The planning commission’s revolt brought out Mr. Neiger’s supporters in full force. The respected chairman of the planning commission, Cliff Graves, resigned, and the planning commission voted “no confidence” in Mr. Seger. Mr. Tanner said he now believes that Mr. Neiger should remain as the county planner and that Mr. Seger’s position should be made part-time instead.
Former planning commission head Graves said the planning and zoning departments need a single, clear leader.
“The most effective planning and zoning operation would consist of a senior, seasoned leader and at least one other fulltime professional,” he said.
“There has been an absence of coaching, training and evaluating employees,” Mr. Graves added. “I think that has hurt the county. Rather than a discussion about being treated fairly and hidden agendas, the board of commissioners ought to really be concerned about employee recruitment, training and evaluation. The lack of that being done is obscuring the correct path.”
It also remains unclear what Mr. Neiger’s role will be if he does remain with the county.
Although Mr. Tanner has predicted Mr. Neiger will likely stay, he already has a track record in planning and zoning that attracted a lot of criticism. So, while the longtime planner does have strong supporters in Benzie, some observers believe putting him charge of both planning and zoning would be a bad idea.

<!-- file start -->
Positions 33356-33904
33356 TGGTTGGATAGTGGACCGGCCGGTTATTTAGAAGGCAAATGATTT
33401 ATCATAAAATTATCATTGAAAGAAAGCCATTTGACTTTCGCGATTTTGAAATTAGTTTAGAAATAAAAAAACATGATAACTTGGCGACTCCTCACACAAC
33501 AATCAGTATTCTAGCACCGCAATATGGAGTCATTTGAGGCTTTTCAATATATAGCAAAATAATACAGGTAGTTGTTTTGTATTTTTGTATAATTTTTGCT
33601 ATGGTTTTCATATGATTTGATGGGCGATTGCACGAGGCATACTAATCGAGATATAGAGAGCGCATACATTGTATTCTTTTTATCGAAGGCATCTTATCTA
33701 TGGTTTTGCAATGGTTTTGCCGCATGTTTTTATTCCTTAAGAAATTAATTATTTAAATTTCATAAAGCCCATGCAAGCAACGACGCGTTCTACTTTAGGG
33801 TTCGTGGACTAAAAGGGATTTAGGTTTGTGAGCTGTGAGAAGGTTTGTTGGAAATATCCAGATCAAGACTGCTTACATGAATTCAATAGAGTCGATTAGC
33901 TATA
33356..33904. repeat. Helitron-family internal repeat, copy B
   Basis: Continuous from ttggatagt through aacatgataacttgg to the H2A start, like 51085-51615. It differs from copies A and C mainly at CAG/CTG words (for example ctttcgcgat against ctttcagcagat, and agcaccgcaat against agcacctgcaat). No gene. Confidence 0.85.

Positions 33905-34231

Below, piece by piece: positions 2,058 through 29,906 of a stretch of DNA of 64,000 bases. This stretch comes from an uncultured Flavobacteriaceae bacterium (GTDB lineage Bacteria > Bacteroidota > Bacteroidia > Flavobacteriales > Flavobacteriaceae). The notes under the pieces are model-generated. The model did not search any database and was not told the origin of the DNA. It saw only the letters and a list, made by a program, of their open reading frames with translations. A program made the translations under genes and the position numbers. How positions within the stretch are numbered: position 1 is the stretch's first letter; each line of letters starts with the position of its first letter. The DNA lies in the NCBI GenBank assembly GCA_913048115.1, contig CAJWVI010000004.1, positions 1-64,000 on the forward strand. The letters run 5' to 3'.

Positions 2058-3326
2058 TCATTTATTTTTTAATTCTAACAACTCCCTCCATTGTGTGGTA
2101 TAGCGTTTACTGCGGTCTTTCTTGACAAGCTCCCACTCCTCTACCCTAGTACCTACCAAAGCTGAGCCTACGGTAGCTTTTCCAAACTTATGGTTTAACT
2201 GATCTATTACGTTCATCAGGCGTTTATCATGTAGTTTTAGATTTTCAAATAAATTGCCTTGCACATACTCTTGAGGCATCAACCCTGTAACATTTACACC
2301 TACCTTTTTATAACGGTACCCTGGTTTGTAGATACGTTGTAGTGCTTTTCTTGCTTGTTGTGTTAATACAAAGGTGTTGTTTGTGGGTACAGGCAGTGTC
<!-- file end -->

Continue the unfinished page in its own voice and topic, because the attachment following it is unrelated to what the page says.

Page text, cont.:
Mr. Neiger has long maintained that any problem with his or his department’s work can be traced to inadequate funding and staff shortages. Mr. Clarke, however, does not see it that way.
“There is a perception out there that Neiger completes things and does things well,” Clarke told the Institute. “The reality is, that track record does not exist.”
Mr. Schindler, one of the authors of the Crisis report, said he could not speak to implementation of his study’s recommendations because he had no familiarity with recent events there. But he did reiterate that the solutions to Benzie County’s planning and zoning can be found in the report.
“We tried to make it real clear that following all of the recommendations of that report, in the order given, is what was necessary,” he said. “It wasn’t a café. It wasn’t a pick list.”
Meanwhile, the board’s review of Mr. Clarke is moving forward. Outgoing county commissioners Marcia Stobie said she is in the process of filling out her review of Clarke’s performance—something all commissioners must do. Like the others, it must be filed by December 9; Ms. Pitcher and Mr. Roper will compile the results.
While Ms. Stobie did not reveal the contents of her evaluation, she did say that mistakes have been made by the county regarding planning and zoning, and that Mr. Clarke has his strong points as a county administrator.
“I just felt that by cutting the planning budget, that was not a good step,” she said.
Click here to read an in-depth interview with Benzie County Administrator Chuck Clarke. For additional reporting on Benzie County’s planning, zoning, and administrative problems, visit the Benzie page of the Institute’s Web site, www.mlui.org.
Veteran journalist Glenn Puit is a county policy specialist for the Michigan Land Use Institute. Reach him at firstname.lastname@example.org.